It turns out that David Joplin was not the only former Texas signee to make the decision to follow Shaka Smart to Milwaukee and Marquette men’s basketball on Wednesday. While Joplin was making his speech at Brookfield Central High School about everything that brought him to the moment where he committed to MU, Keegan Itejere announced on Twitter that he will be joining Joplin and Emarion Ellis by trading in Austin for Wisconsin.
I decided to change my commitment from Texas to Marquette Golden Eagles. I'm excited to continue my basketball development with @CoachShakaSmart!— Keeyan Itejere (@KItejere) April 14, 2021
Ready to work @Marquettembb @jamieshaw5 @chosen_coac @paulbiarcardi pic.twitter.com/dvX2doGmCE
Itejere is listed by 247 Sports as a 6’9”, 190 pound power forward in the Class of 2021. He’s a three-star prospect currently ranked #156 in the country according to 247’s Composite system, which makes him the #30 power forward and the #6 prospect in the state of North Carolina where he attends Grace Christian School in Raleigh. I can’t say it for certain, but it appears that 247’s internal ranking system doesn’t like Itejere that much, as they have him unranked nationally, #48 amongst power forwards, and #10 in the state.
Rivals likes him a whole bunch, noting that he’s a three-star center. They have him at #134 in the country and #22 amongst centers. ESPN likes him even more, staking themselves out as the only recruiting service that we’re checking to grade Itejere as a four-star prospect. They also have him as a center, ranking him #26 at the position and #8 in the state of North Carolina. The World Wide Leader only ranks out to the top 100, so there’s nothing else to note here other than they don’t have him as a top 100 prospect.
There’s nothing wrong with that, by the way. If we’re being quite honest, Smart recruited Itejere as something of a project. When he signed with Texas in November, Itejere was ranked #265 in the country by the 247 Composite system. He didn’t crack the top 200 until this past January. This shouldn’t be surprising, given that Ben Steele’s article in the Journal Sentinel on Itejere’s commitment notes that the young man didn’t start playing serious competitive basketball until his freshman year of high school. To a certain extent, he’s only just scratching the surface of what he can do, and that scratch has landed him a high major basketball scholarship and has him wandering into becoming one of the top 150 prospects at his age. That’s not too shabby.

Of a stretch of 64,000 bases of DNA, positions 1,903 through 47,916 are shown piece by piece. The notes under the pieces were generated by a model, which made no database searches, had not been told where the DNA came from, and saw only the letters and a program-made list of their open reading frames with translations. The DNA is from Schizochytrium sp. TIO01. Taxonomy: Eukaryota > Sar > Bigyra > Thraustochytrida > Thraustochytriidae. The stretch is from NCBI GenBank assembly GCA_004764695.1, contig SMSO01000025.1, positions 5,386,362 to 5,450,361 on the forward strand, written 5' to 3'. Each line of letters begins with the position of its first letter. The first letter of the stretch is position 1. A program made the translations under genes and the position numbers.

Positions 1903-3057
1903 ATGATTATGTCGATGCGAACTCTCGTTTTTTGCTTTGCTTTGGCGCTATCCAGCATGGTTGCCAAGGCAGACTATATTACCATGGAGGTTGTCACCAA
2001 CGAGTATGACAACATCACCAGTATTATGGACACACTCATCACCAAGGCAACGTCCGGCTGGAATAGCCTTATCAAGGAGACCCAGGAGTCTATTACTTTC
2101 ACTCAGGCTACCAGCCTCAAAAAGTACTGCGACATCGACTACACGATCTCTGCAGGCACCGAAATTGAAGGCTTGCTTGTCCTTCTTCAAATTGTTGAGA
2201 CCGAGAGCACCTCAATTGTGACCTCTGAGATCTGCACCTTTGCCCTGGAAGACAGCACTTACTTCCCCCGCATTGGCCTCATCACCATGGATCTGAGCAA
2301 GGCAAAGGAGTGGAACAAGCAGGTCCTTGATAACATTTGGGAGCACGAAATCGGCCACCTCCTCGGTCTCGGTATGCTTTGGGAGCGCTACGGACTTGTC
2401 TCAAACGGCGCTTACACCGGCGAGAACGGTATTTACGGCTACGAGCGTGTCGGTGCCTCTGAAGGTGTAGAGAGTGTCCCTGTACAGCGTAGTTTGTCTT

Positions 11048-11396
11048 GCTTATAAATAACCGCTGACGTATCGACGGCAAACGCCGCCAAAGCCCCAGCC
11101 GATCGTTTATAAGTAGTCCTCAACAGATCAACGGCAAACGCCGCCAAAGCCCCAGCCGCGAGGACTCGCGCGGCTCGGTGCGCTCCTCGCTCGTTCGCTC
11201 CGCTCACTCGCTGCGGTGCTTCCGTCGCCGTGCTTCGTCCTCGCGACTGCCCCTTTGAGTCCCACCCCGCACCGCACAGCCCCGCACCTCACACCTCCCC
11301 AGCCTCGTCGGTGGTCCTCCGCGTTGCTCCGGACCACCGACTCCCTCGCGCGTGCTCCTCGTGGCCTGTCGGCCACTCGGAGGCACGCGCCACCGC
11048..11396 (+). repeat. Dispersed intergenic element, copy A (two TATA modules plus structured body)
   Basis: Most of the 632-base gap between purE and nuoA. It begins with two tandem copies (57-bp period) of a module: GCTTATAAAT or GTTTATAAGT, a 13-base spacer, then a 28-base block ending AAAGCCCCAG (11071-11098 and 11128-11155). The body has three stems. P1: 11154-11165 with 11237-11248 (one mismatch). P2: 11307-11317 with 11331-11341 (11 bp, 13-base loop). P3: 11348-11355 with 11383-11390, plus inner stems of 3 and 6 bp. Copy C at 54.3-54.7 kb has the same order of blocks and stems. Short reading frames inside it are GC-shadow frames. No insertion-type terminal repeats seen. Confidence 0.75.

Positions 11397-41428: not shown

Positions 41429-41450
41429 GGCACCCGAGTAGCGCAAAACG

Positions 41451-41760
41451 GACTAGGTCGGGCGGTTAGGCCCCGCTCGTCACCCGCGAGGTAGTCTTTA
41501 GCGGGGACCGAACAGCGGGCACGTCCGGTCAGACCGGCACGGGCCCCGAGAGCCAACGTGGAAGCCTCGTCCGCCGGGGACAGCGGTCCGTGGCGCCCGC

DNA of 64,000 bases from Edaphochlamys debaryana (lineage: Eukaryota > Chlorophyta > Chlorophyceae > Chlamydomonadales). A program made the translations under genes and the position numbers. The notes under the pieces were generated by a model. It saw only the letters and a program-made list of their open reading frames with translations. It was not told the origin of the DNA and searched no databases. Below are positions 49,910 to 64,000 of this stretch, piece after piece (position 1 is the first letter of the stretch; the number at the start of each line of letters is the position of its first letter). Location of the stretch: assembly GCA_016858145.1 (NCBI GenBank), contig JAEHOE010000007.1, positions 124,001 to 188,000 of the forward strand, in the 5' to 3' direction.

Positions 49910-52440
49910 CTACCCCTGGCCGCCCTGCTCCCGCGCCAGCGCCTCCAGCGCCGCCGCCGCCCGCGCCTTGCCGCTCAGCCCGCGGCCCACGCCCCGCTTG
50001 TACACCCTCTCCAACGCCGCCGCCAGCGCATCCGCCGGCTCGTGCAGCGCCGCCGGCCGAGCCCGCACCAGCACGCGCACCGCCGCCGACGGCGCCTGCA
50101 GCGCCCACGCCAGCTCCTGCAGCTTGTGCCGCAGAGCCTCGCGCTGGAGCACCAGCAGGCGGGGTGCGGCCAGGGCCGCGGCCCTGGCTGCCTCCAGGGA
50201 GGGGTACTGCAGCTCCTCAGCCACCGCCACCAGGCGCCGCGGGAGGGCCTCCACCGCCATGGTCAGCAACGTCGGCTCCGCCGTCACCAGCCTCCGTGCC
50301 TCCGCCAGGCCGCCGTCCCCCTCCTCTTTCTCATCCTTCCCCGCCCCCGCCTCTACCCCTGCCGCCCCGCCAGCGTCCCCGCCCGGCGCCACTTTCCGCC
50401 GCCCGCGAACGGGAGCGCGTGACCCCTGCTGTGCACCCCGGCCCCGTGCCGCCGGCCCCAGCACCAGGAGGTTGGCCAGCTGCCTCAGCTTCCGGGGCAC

MaxPreps has 15 games worth of stats for Itejere’s senior year. They have him averaging 9.1 points, 5.9 rebounds, 1.2 assists, 1.5 steals, and 1.2 blocks per game. I feel like that fits in with the “is just starting to figure this out and chips in a little bit everywhere” type of situation that we talked about a minute ago. Texas’ press release on Itejere’s signing in November says that he averaged 9.8 points, 4.5 rebounds, and 1.4 blocks per game as a junior. I like the consistency. Here’s what Smart said about Itejere back then:
“Keeyan is a terrific mover for a player of his size,” Smart said. “His ability to sprint the floor, finish above the rim, block shots and defend players at various positions make him a very unique prospect.”
Wanna watch four minutes of highlights from back in March? The thing that stood out the most to me while watching? How effortlessly he moves with or without the ball.
With the addition of Itejere to the roster, Marquette now has the #17 ranked recruiting class in the country according to 247 Sports. Sure, having five freshmen in it is doing a lot of the heavy lifting there, but the ranking is what the ranking is. Just the three former Texas recruits would be the 38th best recruiting class in the country, but the Golden Eagles are smushing together Smart’s recruits from Longhorn country with Stevie Mitchell and Kam Jones. The hilarious part about having the #17 recruiting class in the country is that it’s only the fourth best recruiting class in the Big East. Georgetown is #13, Connecticut is #12, and Villanova is #4.
Let’s get to the scholarship chart, shall we?
The addition of Itejere and Tyler Kolek (we’ll get to it, he committed after I started writing this, he’ll get his own article) to the 2021-22 roster means that Marquette may be done recruiting for next year. MU has two questions at hand right now: What happens to walk-on turned scholarship player Tommy Gardiner who blew his knee out during the 2020-21 season, and what happens to Dawson Garcia, who recently put his name into the 2021 NBA Draft pool without hiring an agent. One of those two men will not be on scholarship at Marquette next year for sure after today’s events.
With or without Garcia on the roster, I think Itejere has a chance to make an impact on next year’s team. Quite honestly, there’s no experienced size on that roster other than Garcia. You can count Justin Lewis as “size” if you want, but at the end of the day, he is only 6’7” after all. Oso Ighodaro barely played as a freshman and even Garcia never stood out as a stalwart and high end defensive stopper at the rim last year. If Itejere can figure out how to stand in there against Big East big men right away — and at under 200 pounds, that’s a big if, mind you — then there’s minutes available to him on this team.